SPAIN, Bilbilis. Tiberius.
|Sale: CNG 70, Lot: 531. Estimate $1000.
Closing Date: Wednesday, 21 September 2005.
Sold For $1250. This amount does not include the buyer’s fee.
14-37 AD. Æ 27mm (10.84 g, 6h). L. Aelius Sejanus, praetorian consul. Struck 31 AD. Laureate head right / MV (ligate) AV(ligate)GVSTA BILBILIS TI CÆSARE V [L ÆL]IO [SEIAN]O, large COS across field within wreath. RPC I 398; SNG Copenhagen 620. Good VF, green patina with orange overtones. Important historical type with the name of Sejanus removed in damnatio memoriae
Lucius Aelius Sejanus came from an up-and-coming equestrian family. He was the son of Lucius Seius Strabo, Tiberius' praefectus praetorio
; his brother, Lucius Seius Turbo was suffect consul in 18 AD; and he could claim kinship through his mother to Maecenas, Augustus' advisor. Early in his career, Sejanus served with Augustus' grandson Gaius in the east, and may have accompanied Drusus Caesar north to quell the mutinies which broke out upon Augustus' death. Initially he had been his father's colleague as praefectus praetorio
, but when Strabo had been promoted to the more prestigious post of praefectus Aegypti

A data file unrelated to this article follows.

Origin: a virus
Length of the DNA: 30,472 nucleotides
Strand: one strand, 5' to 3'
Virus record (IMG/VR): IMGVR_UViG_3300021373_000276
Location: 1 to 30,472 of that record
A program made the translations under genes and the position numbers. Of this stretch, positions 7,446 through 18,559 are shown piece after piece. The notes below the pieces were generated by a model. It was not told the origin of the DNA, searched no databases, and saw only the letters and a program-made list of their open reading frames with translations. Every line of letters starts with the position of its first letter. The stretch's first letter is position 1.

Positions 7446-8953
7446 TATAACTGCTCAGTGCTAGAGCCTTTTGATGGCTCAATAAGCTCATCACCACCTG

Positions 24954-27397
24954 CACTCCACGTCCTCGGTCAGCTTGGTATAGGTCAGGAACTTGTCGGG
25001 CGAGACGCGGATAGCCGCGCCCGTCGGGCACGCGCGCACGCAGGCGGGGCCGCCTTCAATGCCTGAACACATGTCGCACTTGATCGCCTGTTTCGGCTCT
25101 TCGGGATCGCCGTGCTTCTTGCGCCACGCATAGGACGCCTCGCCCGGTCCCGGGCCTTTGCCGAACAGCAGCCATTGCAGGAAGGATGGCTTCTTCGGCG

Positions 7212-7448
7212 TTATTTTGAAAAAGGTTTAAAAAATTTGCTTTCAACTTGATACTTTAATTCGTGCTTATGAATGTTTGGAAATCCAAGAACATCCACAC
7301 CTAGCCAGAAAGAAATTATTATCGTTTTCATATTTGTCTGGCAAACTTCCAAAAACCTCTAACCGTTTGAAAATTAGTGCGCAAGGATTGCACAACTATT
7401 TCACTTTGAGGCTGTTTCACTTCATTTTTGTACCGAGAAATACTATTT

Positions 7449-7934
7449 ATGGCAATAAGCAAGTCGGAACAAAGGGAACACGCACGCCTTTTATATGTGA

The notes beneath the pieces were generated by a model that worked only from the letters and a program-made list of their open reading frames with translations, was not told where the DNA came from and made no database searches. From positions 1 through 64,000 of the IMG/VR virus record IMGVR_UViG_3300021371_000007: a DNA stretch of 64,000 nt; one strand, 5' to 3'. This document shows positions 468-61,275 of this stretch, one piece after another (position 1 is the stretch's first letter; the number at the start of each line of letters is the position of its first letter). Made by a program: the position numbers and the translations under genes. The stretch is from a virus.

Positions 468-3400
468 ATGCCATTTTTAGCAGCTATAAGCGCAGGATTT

, Sejanus retained sole command of the Guard, a post which, according to later historians, he used to his advantage. Consolidating them in a permanent encampment at the eastern edge of the city, he used the Guard to increase his power and influence over Tiberius. In 23 AD, upon the death of Drusus Caesar, Sejanus proposed marrying Drusus' widow Livilla, with whom he was allegedly having an affair. So indispensable had he become in maintaining order in the capital that Tiberius called him "the partner of my labors," a position which Sejanus carefully cultivated upon the emperor's retirement to Capri in 26 AD. Using the emperor's absence to his advantage, Sejanus imprisoned Germanicus' widow, Agrippina Senior, her sons Nero and Drusus Caesars, and their supporters on charges of treason. In 31 AD Sejanus was consul with Tiberius the first step, he hoped, to acquiring tribunician power and becoming the imperial heir. At the height of this power, however, Sejanus fell, when Tiberius, made aware of Sejanus' machinations, condemned his consular colleague in a letter to the Senate. Harsh reprisals against Sejanus and his adherents followed, including the removal of his name from public monuments as well as this coin.